One of our model farmers, using one of SPPI’s Local Economy Development Program loans has been fattening hogs.  I will be buying a pig from Nini and her husband at a very reasonable price. Her husband will slaughter the pig at the farm, bring the carcass to my house then slow roast it for around three hours, laboriously turning it by hand over charcoal until the flesh is golden.

I am a coward though, the slaughter could have occurred at my house but I said no. I have always been a committed carnivore and was profoundly moved when Jamie Oliver killed a goat in Italy, then helped skin it and cooked it,  “A chef who’s cooked 2,000 sheep should kill at least one; otherwise you’re a fake … It’s a beautiful creature but it is tasty and we are the top of the food chain.”

Although I will never make it as a butcher I believe meat, and food in general, is overly sanitised in Australia. Carrots should be odd shapes and who cares if it still has dirt on it? Why are all of our tomatoes perfectly round and red? Where was that fish caught and how many are left? If it’s not the season for apples, eat something else. We should make it our business to know where our meat comes from and what conditions it was raised and killed in.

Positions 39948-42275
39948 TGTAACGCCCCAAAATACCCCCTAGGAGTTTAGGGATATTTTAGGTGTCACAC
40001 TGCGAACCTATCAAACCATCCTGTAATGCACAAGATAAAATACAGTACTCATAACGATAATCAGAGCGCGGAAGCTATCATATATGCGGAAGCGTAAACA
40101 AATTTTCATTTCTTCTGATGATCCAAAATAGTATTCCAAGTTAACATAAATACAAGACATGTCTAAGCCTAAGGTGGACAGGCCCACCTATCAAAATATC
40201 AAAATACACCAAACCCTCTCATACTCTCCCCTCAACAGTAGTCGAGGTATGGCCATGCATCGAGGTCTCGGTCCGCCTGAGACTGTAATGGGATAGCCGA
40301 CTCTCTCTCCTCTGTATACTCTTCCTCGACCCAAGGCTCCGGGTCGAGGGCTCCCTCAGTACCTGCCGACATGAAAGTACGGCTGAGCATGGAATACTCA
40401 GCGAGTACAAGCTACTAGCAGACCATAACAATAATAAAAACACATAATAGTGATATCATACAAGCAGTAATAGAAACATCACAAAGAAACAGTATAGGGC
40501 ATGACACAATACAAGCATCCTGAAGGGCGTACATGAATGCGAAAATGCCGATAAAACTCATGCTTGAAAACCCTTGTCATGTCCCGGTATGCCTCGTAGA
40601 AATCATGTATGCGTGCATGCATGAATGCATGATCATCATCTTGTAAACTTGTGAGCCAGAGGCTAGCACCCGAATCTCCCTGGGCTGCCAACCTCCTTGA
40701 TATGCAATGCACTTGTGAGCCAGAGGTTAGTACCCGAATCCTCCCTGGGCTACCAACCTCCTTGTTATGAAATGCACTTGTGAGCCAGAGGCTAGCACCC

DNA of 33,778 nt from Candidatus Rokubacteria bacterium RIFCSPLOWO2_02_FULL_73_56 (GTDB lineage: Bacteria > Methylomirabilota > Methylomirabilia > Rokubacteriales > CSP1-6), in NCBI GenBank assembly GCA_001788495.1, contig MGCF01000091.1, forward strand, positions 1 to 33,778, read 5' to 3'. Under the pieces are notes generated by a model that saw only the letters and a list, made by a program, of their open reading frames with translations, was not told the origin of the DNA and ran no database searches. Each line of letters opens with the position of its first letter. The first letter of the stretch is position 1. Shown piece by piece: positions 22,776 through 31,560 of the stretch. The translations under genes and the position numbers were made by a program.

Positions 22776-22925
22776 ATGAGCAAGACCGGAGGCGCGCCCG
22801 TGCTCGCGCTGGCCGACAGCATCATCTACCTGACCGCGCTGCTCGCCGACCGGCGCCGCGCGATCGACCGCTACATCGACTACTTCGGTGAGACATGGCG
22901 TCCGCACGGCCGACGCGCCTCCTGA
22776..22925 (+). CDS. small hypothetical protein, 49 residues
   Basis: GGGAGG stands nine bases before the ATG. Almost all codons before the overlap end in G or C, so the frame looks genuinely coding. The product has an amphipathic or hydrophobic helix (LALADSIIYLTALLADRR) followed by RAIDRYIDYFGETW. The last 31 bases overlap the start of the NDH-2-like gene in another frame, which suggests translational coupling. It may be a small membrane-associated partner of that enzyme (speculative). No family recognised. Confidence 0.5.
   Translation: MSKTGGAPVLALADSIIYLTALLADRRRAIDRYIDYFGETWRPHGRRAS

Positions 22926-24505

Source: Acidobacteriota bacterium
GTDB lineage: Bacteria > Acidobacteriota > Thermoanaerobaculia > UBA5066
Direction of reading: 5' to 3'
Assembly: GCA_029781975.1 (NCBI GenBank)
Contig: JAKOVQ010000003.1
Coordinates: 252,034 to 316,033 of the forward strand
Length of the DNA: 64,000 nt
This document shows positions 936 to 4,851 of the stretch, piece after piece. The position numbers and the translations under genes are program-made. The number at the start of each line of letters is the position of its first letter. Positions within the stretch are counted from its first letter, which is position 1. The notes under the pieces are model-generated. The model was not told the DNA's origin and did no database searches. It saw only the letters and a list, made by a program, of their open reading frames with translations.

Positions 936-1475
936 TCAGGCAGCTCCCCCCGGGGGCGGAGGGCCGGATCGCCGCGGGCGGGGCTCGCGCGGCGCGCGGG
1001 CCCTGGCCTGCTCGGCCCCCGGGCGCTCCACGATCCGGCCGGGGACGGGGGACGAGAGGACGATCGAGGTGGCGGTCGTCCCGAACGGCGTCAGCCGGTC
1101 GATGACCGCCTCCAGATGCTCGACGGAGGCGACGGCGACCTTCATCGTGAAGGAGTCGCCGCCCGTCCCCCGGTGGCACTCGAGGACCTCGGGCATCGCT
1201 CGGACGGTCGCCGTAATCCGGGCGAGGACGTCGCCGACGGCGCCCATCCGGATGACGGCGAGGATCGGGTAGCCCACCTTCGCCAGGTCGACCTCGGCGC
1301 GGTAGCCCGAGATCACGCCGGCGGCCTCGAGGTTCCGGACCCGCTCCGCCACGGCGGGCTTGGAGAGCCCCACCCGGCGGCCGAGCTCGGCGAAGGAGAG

‘Porky’ (tip: don’t anamorphize your food, it doesn’t help) has lead a healthy life: raised on rice and is fat with a perfect coat. The payment for the pig and labour will equate to two months income for Nini and her family.

I love meat but I have seriously trimmed down my consumption in one of the most carnivorous countries in the world. The labour, resources and environmental impact of production has made me realise what a treat meat is and that I don’t need to eat it every day.

Don't amamorphize your food

Don't anamorphize your food